eBio Summer Undergraduate Research Fellowships 2009


History and Sociology

#1. Behind the Sheets. The Ku Klux Klan was founded in 1865 with chapters that ultimately spanned the entire country.

The primary research objective is to identify the members of each chapter and attach them to a meaningful record. A name means little unless it is reliably attached to some record...a birth record, a death record, a marriage announcement, a newspaper article, an alumni record...anything beyond a name – although we would still want the names in cases where no record match was found. How would you approach this? We can give you guidance on ways that we have successfully accomplished this, but we want to hear your approaches first. Also, we place a premium on newspaper references for this particular project – as well as photographs.

The second objective is to identify their descendants today. In an ideal world, we would want a complete family tree of descendants with each link documented with a physical record (e.g. birth record, marriage announcement, obituary, etc.) and any biographical details discovered. Most importantly, we want a meaningful piece of data on any living descendant. Any of the following would be “meaningful”: Address, Schools attended, etc. – something that would allow us to track them down with further resources applied. When possible, we would like to know their biographical details. To what organizations do their descendants belong, for example?

#2. The Activist Gene? The Students for a Democratic Society (SDS) was active on nearly every college campus at some point during the period from 1960 to 1971.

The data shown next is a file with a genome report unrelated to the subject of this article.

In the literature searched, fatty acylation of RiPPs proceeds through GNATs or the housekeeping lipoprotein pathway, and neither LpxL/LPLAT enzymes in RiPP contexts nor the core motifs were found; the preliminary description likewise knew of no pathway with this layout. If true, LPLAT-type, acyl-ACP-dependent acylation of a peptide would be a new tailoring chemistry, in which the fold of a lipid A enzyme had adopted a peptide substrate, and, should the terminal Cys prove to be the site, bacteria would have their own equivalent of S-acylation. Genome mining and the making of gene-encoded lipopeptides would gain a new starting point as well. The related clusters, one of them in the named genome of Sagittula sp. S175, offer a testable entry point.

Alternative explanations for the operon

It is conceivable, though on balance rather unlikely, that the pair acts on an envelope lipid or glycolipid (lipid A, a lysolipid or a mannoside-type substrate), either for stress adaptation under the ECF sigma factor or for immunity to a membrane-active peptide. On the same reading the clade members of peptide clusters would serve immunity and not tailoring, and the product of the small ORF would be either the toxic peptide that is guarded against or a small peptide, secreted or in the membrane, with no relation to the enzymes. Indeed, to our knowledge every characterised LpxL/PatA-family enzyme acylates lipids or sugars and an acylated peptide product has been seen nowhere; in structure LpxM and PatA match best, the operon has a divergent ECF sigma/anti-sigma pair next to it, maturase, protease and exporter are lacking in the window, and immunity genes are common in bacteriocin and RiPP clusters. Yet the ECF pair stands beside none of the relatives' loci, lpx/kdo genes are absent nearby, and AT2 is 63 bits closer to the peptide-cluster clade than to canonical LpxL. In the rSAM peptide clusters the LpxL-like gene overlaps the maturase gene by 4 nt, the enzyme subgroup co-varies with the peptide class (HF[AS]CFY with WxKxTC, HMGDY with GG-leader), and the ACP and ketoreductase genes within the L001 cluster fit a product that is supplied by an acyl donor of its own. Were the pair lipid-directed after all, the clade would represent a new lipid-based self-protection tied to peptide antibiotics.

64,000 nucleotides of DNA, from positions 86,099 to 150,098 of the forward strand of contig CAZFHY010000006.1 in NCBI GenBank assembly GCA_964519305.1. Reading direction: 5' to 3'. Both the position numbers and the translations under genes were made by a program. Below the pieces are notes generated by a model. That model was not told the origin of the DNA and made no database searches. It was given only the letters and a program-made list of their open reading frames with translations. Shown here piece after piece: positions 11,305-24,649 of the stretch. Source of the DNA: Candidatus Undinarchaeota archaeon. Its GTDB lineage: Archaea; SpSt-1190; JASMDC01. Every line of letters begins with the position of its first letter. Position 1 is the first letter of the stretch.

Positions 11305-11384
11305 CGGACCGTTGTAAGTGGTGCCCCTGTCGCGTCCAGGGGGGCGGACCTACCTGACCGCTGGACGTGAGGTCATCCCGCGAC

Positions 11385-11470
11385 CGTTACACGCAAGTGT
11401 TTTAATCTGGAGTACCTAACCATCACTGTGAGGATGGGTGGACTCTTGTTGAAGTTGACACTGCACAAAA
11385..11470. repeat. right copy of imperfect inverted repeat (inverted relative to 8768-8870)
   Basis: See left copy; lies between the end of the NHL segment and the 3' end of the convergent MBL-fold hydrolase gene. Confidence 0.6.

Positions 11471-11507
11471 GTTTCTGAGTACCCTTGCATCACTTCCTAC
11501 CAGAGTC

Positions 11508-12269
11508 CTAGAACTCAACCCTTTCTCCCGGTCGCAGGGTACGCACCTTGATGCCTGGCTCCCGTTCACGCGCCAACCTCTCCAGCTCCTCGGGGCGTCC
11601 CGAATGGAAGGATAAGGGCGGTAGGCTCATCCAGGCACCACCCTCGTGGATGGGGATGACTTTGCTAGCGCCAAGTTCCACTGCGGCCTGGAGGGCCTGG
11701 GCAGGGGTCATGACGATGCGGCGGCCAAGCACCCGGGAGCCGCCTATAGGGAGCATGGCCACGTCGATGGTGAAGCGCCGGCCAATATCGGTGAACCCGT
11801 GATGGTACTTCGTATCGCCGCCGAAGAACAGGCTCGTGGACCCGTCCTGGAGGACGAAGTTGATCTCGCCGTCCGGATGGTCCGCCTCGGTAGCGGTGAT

The primary research objective is to identify the members of each chapter and attach them to a meaningful record. In this case, it is usually easy as a school and year will put them in an alumni directory. Some chapters had non-student members in the local community. They should be included.

The secondary research objective is to identify their descendants and two generations of ancestors (parents and grandparents) with documentation of each link and gathering any biographical information along the way. If the member is still alive, we want a last known address.

The third research objective is to attempt to answer the question: Did they stay true to the cause? Are they more likely to be a Long Island dermatologist today or an active member of “Get out of Iraq Now?”. What about their children? Did they inherit the “activist gene”?

Regarding the SDS membership lists, we have one specific request of applicants who are interested in this topic. Spend five minutes on a search engine and tell us the first source that you would seek out to find this data. Please note it in the comments section of the application. Also, we have little interest in the leadership of the SDS. Their stories are known and well-documented. Our primary interest is in the balance of the members.

#3. Your own Topic. Pick an area of your own interest that illustrates some of the issues described above, including:

  • Picking a movement that existed at some point in American History.

  • Identifying archival sources that relates to its participants.

  • Remotely gather the archival material.

  • Making the archival material more accessible through digitization at the lowest cost.

  • Making digitized archival material more accessible with better metadata.

  • Track the genealogy of the movement.


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